Every year, millions of travelers are directed through Terminal 4 at JFK International Airport to their flights, baggage, and sightseeing destinations by interactive signage, video walls and touch-screen kiosks designed and created by Nicole Barth ’05.
Since graduation, this fine arts alum and the award-winning firm she co-founded – Ronik – uses art and emerging technologies to shape brands, build reputations, and create interactive experiences for clients and their customers.
JFK Terminal 4 is not the only place where Barth’s talent is on full display. GE Healthcare, FastCompany, Benjamin Moore, Nike and Nasdaq are among the high-profile companies that have called on Barth and her team at Brooklyn-based Ronik for website creation, branding, product development, and video production.
When she arrived at Hofstra, Barth was immediately drawn to the arts, but uncertain of its job prospects.
“It took me a little while to understand what the world of art and design offered me professionally,” she said. “I didn’t know how many facets of the field there were to enter, specialize and explore.”
Barth’s mentor, Professor of Fine Arts Tom Klinkowstein, introduced her to the use of technology in design and the professional opportunities in new media.
“He brought in a lot of outside speakers to talk about their work in their respective fields in design – video production, motion graphics, digital art, UX design,” she said. “I enjoyed the problem-solving components of interactive design. It’s not just artwork for the sake of concept. It has utility and purpose – it carries a message, performs a transaction, or delivers a digital experience. It has an impact beyond the visual and emotional. I found that very alluring.”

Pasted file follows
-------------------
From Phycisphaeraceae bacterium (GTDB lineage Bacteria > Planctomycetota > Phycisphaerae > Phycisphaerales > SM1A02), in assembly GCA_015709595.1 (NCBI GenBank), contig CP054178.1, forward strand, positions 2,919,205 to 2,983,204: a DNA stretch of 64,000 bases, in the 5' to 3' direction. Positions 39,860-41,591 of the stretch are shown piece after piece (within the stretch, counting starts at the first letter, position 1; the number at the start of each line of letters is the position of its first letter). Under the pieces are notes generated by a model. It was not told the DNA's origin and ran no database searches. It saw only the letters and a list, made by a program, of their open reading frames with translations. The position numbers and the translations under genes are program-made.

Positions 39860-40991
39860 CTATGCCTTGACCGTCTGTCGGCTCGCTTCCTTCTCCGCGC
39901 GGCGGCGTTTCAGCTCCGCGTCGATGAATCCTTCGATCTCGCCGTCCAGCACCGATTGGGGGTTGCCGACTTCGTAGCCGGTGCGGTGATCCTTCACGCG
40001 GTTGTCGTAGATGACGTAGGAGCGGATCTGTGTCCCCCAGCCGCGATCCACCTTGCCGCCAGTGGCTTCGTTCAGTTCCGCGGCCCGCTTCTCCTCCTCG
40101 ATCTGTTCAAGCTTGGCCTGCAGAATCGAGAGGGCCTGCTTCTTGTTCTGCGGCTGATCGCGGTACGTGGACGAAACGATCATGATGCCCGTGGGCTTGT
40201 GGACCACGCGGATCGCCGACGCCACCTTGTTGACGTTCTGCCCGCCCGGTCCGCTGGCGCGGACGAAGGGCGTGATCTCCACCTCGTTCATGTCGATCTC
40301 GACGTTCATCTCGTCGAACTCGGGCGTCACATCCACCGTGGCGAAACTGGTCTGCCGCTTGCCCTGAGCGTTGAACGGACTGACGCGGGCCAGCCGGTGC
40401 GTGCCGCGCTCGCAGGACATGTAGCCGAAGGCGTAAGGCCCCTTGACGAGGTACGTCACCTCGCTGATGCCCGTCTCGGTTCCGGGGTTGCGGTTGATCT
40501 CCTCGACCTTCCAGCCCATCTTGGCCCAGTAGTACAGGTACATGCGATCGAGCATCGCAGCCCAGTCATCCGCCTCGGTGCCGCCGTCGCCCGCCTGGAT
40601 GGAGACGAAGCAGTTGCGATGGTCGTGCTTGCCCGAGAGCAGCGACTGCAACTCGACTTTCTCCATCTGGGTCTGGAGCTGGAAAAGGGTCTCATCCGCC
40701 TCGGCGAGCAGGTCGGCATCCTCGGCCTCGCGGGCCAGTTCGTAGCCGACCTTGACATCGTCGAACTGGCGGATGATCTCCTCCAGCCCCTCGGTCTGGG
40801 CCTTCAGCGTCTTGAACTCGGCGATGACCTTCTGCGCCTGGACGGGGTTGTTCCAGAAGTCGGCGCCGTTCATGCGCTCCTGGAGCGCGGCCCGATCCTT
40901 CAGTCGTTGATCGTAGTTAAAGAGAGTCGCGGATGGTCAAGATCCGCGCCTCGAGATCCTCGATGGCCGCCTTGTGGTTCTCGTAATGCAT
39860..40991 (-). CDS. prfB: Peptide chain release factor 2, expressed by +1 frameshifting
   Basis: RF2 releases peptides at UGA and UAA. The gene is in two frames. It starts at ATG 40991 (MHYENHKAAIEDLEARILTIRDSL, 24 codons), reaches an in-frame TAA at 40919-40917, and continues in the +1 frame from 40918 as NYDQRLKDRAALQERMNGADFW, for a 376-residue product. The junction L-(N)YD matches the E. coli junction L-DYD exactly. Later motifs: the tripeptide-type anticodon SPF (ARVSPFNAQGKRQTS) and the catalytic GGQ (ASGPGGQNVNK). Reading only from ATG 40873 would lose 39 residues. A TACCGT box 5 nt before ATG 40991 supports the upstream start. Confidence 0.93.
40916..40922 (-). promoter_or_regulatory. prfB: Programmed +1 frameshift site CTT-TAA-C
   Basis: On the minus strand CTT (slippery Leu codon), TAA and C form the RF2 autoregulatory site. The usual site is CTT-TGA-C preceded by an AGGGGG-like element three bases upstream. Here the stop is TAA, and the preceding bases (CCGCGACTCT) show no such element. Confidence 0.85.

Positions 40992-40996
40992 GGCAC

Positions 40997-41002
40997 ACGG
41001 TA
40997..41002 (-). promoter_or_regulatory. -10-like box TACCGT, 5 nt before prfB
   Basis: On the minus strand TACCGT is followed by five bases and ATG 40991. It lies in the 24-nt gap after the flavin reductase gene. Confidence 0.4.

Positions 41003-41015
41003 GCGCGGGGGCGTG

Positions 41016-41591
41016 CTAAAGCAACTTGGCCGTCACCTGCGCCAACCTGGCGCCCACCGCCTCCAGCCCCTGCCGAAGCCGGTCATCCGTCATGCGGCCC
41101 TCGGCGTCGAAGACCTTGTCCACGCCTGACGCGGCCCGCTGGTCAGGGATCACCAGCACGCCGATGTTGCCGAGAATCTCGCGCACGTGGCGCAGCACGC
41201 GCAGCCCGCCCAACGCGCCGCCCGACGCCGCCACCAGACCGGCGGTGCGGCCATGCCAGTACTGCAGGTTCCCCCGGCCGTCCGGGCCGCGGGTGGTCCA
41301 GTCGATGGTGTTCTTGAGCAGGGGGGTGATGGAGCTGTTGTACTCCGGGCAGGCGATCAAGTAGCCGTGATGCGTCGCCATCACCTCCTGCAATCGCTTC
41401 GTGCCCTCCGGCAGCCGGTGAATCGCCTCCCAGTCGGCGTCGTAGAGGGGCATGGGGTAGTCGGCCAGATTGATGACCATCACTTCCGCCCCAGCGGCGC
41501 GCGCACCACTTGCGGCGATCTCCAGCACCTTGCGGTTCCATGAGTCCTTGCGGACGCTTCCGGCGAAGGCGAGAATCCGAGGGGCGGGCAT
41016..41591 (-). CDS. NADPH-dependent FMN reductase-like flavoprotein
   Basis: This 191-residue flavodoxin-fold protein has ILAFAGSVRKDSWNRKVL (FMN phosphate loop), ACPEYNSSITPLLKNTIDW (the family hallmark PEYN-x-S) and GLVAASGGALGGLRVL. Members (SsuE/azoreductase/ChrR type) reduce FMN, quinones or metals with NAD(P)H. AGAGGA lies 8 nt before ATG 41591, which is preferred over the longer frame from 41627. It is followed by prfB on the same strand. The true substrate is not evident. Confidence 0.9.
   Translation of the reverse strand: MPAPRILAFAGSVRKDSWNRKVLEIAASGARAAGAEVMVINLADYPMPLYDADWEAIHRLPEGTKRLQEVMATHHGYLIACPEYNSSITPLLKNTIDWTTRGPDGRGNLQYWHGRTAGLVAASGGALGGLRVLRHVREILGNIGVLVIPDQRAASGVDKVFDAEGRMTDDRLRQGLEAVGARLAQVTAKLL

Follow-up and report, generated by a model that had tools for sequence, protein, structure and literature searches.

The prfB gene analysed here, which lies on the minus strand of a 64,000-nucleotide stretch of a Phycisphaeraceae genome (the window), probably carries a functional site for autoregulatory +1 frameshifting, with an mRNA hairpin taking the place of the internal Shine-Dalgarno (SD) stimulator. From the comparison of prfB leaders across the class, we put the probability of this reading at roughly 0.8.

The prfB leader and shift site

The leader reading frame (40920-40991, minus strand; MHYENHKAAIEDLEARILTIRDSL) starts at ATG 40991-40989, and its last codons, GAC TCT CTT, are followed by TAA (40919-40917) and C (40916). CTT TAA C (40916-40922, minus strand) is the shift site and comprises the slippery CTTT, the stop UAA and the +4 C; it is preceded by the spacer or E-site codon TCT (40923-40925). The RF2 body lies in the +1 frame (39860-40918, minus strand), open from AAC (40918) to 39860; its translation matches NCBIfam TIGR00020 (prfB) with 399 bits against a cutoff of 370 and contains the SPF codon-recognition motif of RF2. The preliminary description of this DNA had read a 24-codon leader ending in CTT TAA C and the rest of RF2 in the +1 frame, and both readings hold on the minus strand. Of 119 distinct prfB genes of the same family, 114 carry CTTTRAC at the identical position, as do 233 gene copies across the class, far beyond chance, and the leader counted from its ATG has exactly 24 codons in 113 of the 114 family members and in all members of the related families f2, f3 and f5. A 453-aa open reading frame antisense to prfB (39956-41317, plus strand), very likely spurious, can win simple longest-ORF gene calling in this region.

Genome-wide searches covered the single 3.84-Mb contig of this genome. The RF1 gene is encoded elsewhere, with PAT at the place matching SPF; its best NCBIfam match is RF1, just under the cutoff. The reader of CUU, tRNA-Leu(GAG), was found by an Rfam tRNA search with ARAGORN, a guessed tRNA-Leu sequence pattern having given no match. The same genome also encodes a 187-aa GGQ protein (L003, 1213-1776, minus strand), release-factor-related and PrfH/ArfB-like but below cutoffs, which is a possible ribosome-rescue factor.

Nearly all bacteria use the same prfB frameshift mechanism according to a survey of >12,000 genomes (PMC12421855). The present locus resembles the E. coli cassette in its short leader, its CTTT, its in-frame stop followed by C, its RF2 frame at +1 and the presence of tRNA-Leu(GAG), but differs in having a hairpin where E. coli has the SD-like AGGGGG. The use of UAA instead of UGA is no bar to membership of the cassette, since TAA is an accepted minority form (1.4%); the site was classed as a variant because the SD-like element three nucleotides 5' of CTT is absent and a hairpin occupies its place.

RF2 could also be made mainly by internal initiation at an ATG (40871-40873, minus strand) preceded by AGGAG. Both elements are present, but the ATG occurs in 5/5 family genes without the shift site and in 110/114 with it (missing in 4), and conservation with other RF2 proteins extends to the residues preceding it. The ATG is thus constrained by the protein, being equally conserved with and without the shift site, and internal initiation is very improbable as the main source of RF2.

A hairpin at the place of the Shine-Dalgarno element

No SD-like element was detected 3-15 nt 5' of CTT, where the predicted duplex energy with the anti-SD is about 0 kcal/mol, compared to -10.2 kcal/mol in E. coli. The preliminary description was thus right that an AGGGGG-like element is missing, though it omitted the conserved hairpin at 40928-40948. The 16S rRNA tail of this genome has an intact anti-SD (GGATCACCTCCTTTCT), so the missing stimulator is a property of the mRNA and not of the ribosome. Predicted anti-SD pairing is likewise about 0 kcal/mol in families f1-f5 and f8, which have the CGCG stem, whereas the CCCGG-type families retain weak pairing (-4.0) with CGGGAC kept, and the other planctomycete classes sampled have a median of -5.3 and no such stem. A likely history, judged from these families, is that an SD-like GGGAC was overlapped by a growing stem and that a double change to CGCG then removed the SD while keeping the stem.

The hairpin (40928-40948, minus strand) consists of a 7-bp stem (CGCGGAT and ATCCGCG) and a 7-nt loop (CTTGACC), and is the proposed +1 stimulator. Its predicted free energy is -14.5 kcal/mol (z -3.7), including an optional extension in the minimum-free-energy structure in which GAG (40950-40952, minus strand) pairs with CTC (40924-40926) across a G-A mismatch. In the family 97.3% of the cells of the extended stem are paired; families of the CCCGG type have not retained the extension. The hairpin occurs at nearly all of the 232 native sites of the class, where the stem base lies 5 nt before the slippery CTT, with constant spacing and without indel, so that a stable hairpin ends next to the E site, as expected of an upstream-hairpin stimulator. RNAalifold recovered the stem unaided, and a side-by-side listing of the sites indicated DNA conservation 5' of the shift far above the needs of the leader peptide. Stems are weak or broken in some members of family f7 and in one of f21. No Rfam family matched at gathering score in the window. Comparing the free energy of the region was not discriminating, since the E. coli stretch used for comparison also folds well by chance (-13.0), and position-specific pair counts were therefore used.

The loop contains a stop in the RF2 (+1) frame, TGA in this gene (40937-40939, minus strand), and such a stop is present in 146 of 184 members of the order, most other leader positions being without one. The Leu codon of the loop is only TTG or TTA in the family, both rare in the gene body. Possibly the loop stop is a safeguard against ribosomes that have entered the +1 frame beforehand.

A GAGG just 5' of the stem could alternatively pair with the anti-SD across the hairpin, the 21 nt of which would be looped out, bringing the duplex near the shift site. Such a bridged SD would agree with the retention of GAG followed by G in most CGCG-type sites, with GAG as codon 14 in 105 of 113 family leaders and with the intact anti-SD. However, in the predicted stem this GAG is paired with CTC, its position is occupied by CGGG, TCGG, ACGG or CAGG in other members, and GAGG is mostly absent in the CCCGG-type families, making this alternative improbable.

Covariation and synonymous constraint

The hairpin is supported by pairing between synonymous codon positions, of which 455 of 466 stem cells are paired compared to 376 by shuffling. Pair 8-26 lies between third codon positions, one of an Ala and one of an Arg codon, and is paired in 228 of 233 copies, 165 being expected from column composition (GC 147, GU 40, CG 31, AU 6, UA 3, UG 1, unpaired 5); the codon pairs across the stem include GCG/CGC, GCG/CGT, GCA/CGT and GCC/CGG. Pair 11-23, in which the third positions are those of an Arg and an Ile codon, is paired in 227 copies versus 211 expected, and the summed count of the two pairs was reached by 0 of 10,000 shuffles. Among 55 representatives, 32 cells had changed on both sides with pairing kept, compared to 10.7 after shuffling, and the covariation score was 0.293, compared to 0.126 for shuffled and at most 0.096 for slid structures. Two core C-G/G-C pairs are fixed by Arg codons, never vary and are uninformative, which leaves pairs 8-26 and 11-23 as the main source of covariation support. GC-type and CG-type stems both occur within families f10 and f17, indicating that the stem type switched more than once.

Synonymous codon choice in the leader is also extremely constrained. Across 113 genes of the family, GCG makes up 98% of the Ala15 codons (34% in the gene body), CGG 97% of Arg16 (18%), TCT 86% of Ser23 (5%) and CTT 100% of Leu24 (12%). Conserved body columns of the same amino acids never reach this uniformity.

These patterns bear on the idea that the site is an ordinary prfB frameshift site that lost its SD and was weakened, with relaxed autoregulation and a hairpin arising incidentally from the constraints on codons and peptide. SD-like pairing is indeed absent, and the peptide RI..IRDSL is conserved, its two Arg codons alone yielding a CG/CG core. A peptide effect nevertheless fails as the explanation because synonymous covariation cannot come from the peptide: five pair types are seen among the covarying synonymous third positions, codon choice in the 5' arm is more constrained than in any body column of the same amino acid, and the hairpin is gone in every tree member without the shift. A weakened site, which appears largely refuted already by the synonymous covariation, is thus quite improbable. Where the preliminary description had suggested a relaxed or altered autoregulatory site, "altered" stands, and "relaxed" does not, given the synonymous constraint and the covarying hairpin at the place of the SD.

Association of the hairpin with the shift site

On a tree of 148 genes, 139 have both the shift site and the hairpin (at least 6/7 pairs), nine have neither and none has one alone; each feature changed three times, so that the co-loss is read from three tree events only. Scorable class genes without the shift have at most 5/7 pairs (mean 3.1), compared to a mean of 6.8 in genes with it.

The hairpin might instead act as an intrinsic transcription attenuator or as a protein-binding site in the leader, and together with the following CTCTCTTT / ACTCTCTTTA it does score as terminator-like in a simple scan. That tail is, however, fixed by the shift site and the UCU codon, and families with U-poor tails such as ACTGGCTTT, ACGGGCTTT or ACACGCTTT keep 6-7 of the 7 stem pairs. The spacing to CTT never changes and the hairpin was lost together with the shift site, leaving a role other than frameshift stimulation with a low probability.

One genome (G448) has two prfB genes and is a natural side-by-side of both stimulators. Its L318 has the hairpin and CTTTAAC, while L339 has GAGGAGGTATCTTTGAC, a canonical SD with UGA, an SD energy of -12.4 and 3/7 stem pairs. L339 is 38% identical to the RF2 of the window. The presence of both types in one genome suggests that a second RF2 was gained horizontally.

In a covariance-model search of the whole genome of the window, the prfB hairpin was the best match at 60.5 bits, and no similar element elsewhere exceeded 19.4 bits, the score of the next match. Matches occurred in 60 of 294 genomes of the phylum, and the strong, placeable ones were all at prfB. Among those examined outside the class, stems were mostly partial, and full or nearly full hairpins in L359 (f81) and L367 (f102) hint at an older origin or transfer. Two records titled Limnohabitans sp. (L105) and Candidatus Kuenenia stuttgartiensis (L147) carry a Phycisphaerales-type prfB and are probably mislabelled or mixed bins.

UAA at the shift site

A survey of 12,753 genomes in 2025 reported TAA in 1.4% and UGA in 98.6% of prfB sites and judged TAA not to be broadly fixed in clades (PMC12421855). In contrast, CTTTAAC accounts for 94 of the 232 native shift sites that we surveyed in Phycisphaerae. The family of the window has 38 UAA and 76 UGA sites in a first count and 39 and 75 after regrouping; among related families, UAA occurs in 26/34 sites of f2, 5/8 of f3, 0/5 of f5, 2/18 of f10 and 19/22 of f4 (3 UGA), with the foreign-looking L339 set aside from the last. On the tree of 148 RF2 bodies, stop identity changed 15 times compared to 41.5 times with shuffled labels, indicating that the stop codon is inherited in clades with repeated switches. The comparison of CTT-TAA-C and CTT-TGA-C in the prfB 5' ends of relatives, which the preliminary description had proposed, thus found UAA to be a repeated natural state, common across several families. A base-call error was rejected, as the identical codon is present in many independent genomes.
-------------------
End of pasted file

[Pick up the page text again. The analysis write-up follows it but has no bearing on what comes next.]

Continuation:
Before graduation, Barth initially wanted to pursue a career in design for print books and magazines. Then she began exploring the world of digital publications and grew hungry to master new platforms to engage audiences. “There’s so much to learn. Too much to learn,” she says.
Barth built her resume working for companies like Refinery29, The Food Network, and Code and Theory. Her experience working in digital design at Newsweek gave her the confidence to break out and become her own boss.
“Newsweek offered an agency-type setting,” she says. Barth had the opportunity to work with the editorial staff; with sales and marketing; and with the website team on enhancing user experience. “That job gave me a sense of what a multiservice, multidisciplinary designer can achieve on a day-to-day basis, and I really enjoyed it.”
Barth and her Newsweek creative director and longtime collaborator, Roberto González Rey, made the decision to leave Newsweek, and began collaborating on projects. “Starting a company was not a priority. We grew our staff and client pool very slowly,” she said.
In 2016, they were tapped by the Leonardo DiCaprio Foundation to create the web presence for Before the Flood, a documentary charting DiCaprio’s journey across five continents and the Arctic to witness climate change.
Ronik’s multilayered, award-winning website design offered visitors a sneak preview of the film, as well as press information, and details on getting involved in the climate change movement. “The project spoke to our interactive storytelling abilities and supported climate change action, a cause we believe in deeply,” Barth said.
Barth is pleased that Ronik has reached a place where it can be selective about its clients. “We look for people who will be good partners and projects that involve an interesting challenge,” she said. “And we need to believe in the companies and brands we are aligned with.”
Barth is also committed to cultivating a nurturing office environment. “Fostering confidence is important to success,” she said. “When you’re in school there’s a safety net. There’s a playfulness and a messiness that encourages you to push boundaries. I’ve totally tried to retain that in my professional life and within our studio. We try new things. We fail together. We learn together. We experiment. We have to in order to keep up. It makes things interesting.”